Avalanche Advisory

Turnagain Area Avalanche Advisory
Friday, January 31st 2014 7:00 am by Wendy Wagner
ARCHIVED ADVISORY - All advisories expire after 24 hours from the posting date/time.
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The Bottom Line

The avalanche danger is MODERATE both above and below treeline:

Above treeline - On all aspects above 3,000' in elevation the possibility remains for triggering a deep slab avalanche. This type of avalanche is becoming harder to trigger, yet if one does release it could break full-depth and be unsurvivable. Wind slab avalanches are also possible at this elevation zone and should be shallow and fairly easy to identify. Watch for areas with wind drifted snow.

Below treeline - In areas below 3,000' the snowpack is freezing from the surface downward. However, wet and weak snow still remains below the surface crust. Triggering a wet slab avalanche has decreased significantly but until we have a solid refreeze on all aspects it cannot be completely ruled out. 

Even though the cool weather is helping to stabilize the snowpack, don't forget to use safe backcountry travel protocols. For example, only exposing one person at a time and always have an escape route planned.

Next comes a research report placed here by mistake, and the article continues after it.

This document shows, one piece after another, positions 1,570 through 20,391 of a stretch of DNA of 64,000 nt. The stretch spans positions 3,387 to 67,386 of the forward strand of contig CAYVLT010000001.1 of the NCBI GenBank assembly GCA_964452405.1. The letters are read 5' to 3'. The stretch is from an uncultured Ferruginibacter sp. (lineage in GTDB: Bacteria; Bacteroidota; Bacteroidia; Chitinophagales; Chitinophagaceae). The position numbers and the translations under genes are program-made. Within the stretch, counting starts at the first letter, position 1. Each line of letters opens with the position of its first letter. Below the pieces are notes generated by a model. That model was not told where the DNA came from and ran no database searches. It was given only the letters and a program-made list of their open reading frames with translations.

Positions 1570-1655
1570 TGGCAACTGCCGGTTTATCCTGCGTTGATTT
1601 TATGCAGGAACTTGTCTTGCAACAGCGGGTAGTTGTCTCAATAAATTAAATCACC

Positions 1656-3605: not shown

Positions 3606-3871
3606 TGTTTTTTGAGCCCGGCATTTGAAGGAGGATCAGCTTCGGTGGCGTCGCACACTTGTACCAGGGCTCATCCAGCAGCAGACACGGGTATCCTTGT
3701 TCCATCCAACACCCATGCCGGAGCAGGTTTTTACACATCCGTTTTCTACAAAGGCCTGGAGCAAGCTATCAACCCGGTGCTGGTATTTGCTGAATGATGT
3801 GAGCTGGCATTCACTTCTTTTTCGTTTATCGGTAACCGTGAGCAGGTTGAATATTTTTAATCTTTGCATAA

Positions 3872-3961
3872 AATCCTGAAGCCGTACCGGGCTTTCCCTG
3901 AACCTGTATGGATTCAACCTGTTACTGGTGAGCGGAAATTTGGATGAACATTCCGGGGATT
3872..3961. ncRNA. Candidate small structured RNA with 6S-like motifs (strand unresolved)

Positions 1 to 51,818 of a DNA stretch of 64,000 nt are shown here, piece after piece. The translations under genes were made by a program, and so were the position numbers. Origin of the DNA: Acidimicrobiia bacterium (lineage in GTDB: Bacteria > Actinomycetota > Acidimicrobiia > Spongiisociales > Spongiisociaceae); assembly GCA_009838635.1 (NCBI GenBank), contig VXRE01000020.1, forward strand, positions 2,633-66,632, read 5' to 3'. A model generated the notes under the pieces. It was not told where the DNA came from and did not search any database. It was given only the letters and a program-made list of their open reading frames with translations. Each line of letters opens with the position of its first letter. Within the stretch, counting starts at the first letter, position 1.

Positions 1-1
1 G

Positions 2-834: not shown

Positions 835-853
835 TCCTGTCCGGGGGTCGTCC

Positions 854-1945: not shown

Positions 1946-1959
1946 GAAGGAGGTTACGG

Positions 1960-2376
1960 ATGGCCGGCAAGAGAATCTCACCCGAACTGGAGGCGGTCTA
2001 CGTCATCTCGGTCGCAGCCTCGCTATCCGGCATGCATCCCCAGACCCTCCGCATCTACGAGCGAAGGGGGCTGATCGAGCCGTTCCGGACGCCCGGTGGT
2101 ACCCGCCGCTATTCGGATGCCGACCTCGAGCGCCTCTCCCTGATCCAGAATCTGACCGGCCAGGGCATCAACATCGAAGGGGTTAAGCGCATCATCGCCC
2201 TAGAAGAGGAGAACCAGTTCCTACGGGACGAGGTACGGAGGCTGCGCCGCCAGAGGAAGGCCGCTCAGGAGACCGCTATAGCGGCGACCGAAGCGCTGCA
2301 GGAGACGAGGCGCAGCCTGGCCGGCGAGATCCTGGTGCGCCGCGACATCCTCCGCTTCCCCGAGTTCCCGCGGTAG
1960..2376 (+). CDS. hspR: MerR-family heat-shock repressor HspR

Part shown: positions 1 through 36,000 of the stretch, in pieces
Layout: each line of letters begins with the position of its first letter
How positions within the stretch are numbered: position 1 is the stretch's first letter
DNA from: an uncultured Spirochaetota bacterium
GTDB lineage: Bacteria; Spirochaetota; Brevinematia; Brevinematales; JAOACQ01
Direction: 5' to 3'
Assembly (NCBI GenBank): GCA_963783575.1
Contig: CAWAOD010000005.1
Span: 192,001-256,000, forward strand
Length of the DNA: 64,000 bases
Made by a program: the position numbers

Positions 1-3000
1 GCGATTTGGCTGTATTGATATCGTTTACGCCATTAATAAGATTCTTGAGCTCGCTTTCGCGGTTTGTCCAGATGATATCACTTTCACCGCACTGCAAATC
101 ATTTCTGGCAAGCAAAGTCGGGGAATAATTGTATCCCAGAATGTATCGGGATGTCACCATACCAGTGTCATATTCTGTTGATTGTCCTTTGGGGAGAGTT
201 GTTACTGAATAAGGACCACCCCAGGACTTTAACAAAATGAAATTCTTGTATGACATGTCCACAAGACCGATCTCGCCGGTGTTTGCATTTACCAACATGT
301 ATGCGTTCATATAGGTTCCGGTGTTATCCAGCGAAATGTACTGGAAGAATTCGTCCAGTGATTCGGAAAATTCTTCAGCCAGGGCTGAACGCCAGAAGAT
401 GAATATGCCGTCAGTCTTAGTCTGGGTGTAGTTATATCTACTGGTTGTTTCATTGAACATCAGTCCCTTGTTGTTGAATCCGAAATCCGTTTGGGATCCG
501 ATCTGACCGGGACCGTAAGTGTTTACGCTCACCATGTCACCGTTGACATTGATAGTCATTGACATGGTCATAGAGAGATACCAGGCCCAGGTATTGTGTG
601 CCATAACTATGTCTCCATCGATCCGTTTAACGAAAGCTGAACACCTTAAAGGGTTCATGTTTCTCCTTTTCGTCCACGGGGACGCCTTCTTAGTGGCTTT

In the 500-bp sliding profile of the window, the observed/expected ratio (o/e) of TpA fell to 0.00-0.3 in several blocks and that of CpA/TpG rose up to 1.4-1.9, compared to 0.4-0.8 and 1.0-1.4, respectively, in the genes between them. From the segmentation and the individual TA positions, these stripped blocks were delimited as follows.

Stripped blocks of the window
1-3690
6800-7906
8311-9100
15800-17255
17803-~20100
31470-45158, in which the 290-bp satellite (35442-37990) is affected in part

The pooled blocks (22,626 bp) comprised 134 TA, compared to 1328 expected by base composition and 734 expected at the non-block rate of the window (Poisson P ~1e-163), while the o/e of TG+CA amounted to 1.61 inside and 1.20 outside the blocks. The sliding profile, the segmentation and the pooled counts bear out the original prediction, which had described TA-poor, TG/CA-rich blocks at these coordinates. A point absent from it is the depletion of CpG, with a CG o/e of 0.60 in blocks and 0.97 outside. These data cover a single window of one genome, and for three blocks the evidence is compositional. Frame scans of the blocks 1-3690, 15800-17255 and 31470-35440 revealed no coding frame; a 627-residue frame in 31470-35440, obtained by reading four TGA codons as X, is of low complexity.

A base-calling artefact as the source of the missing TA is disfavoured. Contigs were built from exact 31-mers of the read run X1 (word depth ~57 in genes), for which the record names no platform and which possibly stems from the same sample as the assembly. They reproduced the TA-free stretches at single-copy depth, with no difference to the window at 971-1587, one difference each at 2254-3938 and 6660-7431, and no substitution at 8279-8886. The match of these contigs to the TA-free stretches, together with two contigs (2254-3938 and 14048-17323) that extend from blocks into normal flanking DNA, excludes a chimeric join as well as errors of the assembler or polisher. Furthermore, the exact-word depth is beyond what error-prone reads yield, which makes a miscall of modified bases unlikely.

Show the Complete North American Avalanche Danger Scale
2 Moderate Alpine / Above 2,500' Travel Advice: Heightened avalanche conditions on specific terrain features. Evaluate snow and terrain carefully; identify features of concern.
2 Moderate Treeline / 1,000'-2,500' Travel Advice: Heightened avalanche conditions on specific terrain features. Evaluate snow and terrain carefully; identify features of concern.
2 Moderate Below Treeline / Below 1,000' Travel Advice: Heightened avalanche conditions on specific terrain features. Evaluate snow and terrain carefully; identify features of concern.
Special Announcement
  • The deadline for the Rob Hammel Memorial Scholarship Fund is tomorrow!  Take advantage of this excellent opportunity to start or continue your avalanche education with a scholarship sponsored by The Friends of the CNFAIC and the Rob Hammel family. Go to this page for more information on the scholarship and to learn more about Rob Hammel, friend, colleague and backcountry enthusiast!

  • Coming up on Saturday, February 8th is the Hatcher Pass Avalanche Center 2014 Fundraiser. Tickets are selling fast so get yours today and support avalanche information in the Hatcher Pass area!!

Avalanche Problem 1